David Michael Miller
For nearly two decades, David Ohnstad has been warning anyone who will listen about alleged Wall Street abuses. His email missives are familiar to many at the State Capitol and beyond.
“I’m a pain in the ass, I guess,” admits the retired Madison real estate appraiser.
Much of Ohnstad’s outrage stems from 1999, when his 90-year-old aunt lost $25,000 on some high-risk corporate bonds — a totally inappropriate investment for someone her age.
Ohnstad felt personally responsible since his elderly relative was using an investment adviser he had recommended. So Ohnstad filed a complaint with regulators at the state Department of Financial Institutions that finally led to what he called a “wrist slap” against a prominent local Merrill Lynch broker, who later left the firm.
“What the Merrill guy was doing was placing many of his trusting and unsophisticated clients into junk securities that earned him big undisclosed commission dollars,” says the silver-haired Ohnstad, 71.
Legislation enacted in the wake of the 2008 financial meltdown — including the Dodd-Frank Wall Street Reform and Consumer Protection Act — was designed to protect investors from those kinds of shenanigans. By some estimates, high or unnecessary fees are costing investors up to $17 billion annually.
But those reform efforts are now facing an uncertain future following action from the Trump administration to delay or roll back entirely a series of regulations initiated under President Obama with at least some level of bipartisan support in Washington.
The banking and financial services industry has argued that Dodd-Frank and other reforms have damaged the country’s entrepreneurial spirit and limited access to needed credit.
Republicans in Congress are also looking to dismantle the Consumer Financial Protection Bureau, a move being spearheaded by U.S. Sen. Ron Johnson of Wisconsin.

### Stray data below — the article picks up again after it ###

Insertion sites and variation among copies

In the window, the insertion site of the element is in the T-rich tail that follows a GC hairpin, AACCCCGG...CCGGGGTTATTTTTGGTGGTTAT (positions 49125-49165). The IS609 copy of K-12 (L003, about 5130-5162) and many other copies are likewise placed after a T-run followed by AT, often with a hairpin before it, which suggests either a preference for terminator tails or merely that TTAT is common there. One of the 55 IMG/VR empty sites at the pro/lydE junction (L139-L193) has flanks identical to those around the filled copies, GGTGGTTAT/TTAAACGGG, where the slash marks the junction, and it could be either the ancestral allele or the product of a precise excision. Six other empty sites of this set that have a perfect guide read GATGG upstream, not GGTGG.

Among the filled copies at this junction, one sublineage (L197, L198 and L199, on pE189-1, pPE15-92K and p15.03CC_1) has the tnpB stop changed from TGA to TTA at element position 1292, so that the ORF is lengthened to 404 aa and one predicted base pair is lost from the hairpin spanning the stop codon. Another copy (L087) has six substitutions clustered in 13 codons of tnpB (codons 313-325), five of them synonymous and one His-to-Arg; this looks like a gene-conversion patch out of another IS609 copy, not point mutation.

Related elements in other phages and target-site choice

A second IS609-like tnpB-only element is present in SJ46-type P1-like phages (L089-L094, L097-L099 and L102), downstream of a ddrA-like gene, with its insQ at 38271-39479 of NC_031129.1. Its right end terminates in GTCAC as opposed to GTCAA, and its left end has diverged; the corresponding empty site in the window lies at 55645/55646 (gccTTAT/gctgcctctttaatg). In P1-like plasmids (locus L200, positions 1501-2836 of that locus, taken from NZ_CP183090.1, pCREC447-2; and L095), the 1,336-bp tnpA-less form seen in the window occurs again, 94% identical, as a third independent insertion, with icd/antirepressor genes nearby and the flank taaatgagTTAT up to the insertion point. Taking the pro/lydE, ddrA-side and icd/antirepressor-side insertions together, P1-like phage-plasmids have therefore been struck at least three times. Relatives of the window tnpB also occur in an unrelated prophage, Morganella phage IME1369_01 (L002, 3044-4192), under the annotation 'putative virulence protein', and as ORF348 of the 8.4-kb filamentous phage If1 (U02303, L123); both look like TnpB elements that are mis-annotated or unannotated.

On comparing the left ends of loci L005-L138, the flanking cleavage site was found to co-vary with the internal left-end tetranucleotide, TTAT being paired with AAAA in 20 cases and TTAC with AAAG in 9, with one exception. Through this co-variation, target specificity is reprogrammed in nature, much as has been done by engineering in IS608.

But consumer protection advocates, including the Madison-based Wisconsin Public Interest Research Group, are now raising red flags about an issue largely overlooked amid the tumultuous first two months of the Trump presidency.
“What’s most troubling is that these rules were designed to protect Americans who don’t have a lot of experience investing but are now having to make more and more of their own retirement decisions,” says WISPIRG director Peter Skopec.
Many observers are closely following what will happen to the so-called fiduciary rule. Proposed to take effect on April 10 under the Department of Labor, the rule would require brokers to put investors’ interests above their own when working with retirement accounts like an IRA or 401(k).
Perhaps surprisingly to the naive, financial industry sales people don’t have to offer unbiased advice when pitching products like mutual funds. Current laws only require them to recommend investments considered “roughly suitable” for the client.
That means if a firm carries two similar mutual funds, but one pays the broker a higher commission, they can steer you to that fund — even if the other carries lower fees and promises similar returns.
“I’m not sure how many people even know if their broker is making a commission or collecting a fee, but one role of government is to protect people from being ripped off,” says Skopec.
The financial industry has largely resisted too much government involvement, however, saying the rules have increased compliance costs and created a situation where companies only want to work with the wealthiest clients.
“What’s happening is that it becomes too expensive or risky to take on smaller customers, so those people are left without any help at all,” says Brendon DeRouin of Insurance Services Group in Verona, which specializes in retirement annuities.